When Santa Gives You Pole Dancing Lessons…

My mother gave me pole dancing classes and this awesome card for Christmas. My mom is cooler than your mom.
My mother gave me pole dancing classes and this awesome card for Christmas. My mom is cooler than your mom.

“Make it bounce!”

There are a few things I’m used to hearing in a fitness group class. Bounce like you’re riding your favorite man is not necessarily one of them. In comparison, my spin instructor Dave tells me not to fear my best… now crank up that resistance!

Lasha, my pole dance class instructor, told me to slap my ass.

It was a Thursday night at fencing when I casually mentioned that I wanted to take pole dancing classes. My friend Madge was in ear shot.

“I’ve been taking classes at S-Factor,” she chirped. “For 10 years. I’ll take you one day and then when you’re hooked, we’ll have to get you a ‘naughty drawer’!”

It’s amazing what you’ll learn about your friends when you think you know everything.

If you’ve been a long-time reader, or if you’re a real-life friend, then you know my mother and you know she’s not your typical buttoned-up, “now, Kathleen, behave yourself,” kind of mother. On my 21st birthday, she bought me my first legal Gray Goose Cosmopolitan (and my second legal Gray Goose Cosmopolitan). Her recent relationship advice sounds like this: don’t go to his place on the 3rd date… show some restraint! Be a Lady. Wait till your 4th…and then make it worth it.

And for Christmas, she bought me pole dancing classes.

Madge was my designated chaperon, and after a flurry of email exchanges, we had settled on a Sunday afternoon.

I rode down to Chelsea, a neighborhood in the city I had watched transition over the years from shady, to “Gay town,” to “familyville,” to home of the High Line and tourist destination. Ambling down 23rd street, with the S-Factor address in my hand, I wasn’t sure what to look for. I’d made my way down this stretch of block before, but couldn’t recall ever seeing what looked like a pole dancing studio. The address brought me to a banal building entrance, sandwiched between a cupcake shop (YUM!) and a bodega/smoke shop. There was no real directory inside the lobby. Was I lost? Could this be any sketchier? This didn’t scream fitness. It screamed house of ill repute.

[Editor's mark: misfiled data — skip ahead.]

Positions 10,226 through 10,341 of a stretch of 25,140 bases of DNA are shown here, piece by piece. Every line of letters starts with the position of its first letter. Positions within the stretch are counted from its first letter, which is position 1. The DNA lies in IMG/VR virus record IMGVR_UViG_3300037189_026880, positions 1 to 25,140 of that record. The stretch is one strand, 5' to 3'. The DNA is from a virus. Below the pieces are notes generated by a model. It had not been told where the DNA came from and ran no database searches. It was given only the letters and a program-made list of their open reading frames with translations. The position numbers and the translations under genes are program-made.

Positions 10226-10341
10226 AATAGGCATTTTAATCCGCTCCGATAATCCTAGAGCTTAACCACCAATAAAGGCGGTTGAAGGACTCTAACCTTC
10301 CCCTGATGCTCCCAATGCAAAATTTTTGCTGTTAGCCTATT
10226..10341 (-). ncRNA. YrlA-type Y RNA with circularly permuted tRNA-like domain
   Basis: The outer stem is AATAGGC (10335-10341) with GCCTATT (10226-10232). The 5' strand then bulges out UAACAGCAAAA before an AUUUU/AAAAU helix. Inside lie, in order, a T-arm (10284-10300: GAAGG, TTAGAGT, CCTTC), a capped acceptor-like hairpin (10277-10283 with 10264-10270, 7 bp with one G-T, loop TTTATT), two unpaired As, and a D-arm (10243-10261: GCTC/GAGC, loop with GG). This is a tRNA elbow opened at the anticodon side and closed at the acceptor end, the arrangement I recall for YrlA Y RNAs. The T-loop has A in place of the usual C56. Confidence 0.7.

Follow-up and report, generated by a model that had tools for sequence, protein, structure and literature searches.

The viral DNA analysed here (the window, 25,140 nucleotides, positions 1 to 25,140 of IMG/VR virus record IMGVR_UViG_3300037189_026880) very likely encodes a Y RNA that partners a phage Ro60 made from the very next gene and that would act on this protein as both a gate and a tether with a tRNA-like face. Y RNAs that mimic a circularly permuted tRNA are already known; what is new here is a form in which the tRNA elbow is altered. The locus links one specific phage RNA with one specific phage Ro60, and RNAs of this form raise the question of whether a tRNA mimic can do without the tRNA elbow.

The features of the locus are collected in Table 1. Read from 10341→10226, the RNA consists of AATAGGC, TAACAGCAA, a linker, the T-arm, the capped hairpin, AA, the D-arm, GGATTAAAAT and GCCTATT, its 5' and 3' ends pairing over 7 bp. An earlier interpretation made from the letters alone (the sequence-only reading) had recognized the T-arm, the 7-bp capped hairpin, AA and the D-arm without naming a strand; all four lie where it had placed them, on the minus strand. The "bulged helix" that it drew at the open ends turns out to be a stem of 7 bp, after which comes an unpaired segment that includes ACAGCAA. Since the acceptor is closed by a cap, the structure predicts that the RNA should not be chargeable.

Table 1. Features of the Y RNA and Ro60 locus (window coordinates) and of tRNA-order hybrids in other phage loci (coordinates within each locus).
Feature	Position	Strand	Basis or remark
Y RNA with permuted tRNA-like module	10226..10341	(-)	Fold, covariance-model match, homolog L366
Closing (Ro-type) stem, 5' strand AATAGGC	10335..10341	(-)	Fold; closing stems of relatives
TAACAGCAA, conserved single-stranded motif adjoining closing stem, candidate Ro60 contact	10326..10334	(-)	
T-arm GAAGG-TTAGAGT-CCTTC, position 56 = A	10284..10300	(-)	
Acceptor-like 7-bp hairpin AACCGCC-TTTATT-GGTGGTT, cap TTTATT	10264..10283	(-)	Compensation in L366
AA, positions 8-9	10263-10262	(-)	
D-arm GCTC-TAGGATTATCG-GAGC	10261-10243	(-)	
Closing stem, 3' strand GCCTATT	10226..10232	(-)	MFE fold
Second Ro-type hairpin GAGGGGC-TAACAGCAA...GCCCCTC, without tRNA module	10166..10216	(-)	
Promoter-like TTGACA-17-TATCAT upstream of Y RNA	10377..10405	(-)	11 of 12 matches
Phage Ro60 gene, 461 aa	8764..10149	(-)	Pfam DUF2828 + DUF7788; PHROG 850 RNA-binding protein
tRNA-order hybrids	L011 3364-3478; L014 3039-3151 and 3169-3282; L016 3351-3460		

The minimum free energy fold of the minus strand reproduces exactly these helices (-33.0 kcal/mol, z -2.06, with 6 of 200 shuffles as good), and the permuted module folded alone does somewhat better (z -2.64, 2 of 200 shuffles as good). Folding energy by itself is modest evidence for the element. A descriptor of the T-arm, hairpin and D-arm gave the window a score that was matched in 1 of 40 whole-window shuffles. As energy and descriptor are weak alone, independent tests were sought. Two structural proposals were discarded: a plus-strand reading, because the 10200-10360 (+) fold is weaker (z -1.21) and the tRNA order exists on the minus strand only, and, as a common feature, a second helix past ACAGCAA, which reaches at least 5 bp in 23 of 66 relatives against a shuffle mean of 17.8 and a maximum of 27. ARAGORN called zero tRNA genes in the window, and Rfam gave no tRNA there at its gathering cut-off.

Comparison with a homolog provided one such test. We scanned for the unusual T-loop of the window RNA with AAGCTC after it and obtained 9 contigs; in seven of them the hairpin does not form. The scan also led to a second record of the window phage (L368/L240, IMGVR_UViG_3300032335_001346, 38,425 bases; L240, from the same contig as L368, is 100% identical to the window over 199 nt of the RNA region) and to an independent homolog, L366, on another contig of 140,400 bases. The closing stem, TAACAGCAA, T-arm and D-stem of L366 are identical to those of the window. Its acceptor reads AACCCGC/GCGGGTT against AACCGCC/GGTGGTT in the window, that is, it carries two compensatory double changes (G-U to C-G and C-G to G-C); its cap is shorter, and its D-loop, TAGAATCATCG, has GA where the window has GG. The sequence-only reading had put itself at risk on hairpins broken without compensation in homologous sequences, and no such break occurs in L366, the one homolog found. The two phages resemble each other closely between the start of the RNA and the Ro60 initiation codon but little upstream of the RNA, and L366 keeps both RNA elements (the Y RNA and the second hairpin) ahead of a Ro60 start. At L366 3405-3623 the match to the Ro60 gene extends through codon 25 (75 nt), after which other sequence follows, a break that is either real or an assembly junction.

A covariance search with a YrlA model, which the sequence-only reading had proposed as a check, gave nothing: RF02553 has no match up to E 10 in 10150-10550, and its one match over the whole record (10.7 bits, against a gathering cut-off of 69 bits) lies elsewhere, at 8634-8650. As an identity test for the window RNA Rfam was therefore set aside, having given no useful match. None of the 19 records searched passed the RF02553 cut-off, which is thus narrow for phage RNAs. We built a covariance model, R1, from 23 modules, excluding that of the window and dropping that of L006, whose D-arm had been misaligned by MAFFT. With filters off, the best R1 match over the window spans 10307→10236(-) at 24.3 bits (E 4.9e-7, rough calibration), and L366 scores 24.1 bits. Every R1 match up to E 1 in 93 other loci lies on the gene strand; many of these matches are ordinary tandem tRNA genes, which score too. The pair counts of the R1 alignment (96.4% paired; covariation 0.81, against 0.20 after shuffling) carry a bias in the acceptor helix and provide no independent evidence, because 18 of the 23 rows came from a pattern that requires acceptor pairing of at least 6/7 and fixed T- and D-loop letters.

A pair of other twenty something with long straightened blonde hair and equally confused expressions slipped into the lobby.

“S-Factor-bound?” I asked.

“Yeap!” they replied, and together we figured out what floor and made our way to the elevator and up to the 3rd floor.

The minute the doors parted, a chorus of happy “hellos!” greeted us… along with a mannequin dressed in a g-string with neon pink fringe and light-up, 5-in stilettos.

This probably wasn’t what I was expecting but it was going to be awesome.

I walked into Studio B with Madge as my guide. It was like no other fitness studio I’d been in — there were no mirrors and the only lighting was a single dim spot light in the center of the room and a handful of lamps, draped with red cloths a la your stereotypical bordello. Three poles extended from ceiling to floor and in each corner was a large leather “lap dance” chair.

Clearly, more than my core was going to get a workout.

The class was one of the most liberating and physically challenging 90 minutes I’ve ever been through. Liberating, not because I was free to “feel my curves” or swirl my hips or “do whatever feels good,” but rather, because I had to trust my body to be strong enough to keep me in the air. Like most women, I have a difficult relationship with my body. There’s nothing more terrifying than wearing a bikini in public or taking off my shirt for the first time with Mr. New. But in the low light, with no glass to reflect back on me, and with an acrobatic task at hand, I had to let go of fears of judgement, of self-consciousness, and throw my feet off the floor, and twirl like the pretty, pretty (seductive) princess I wanted to be when I was 5.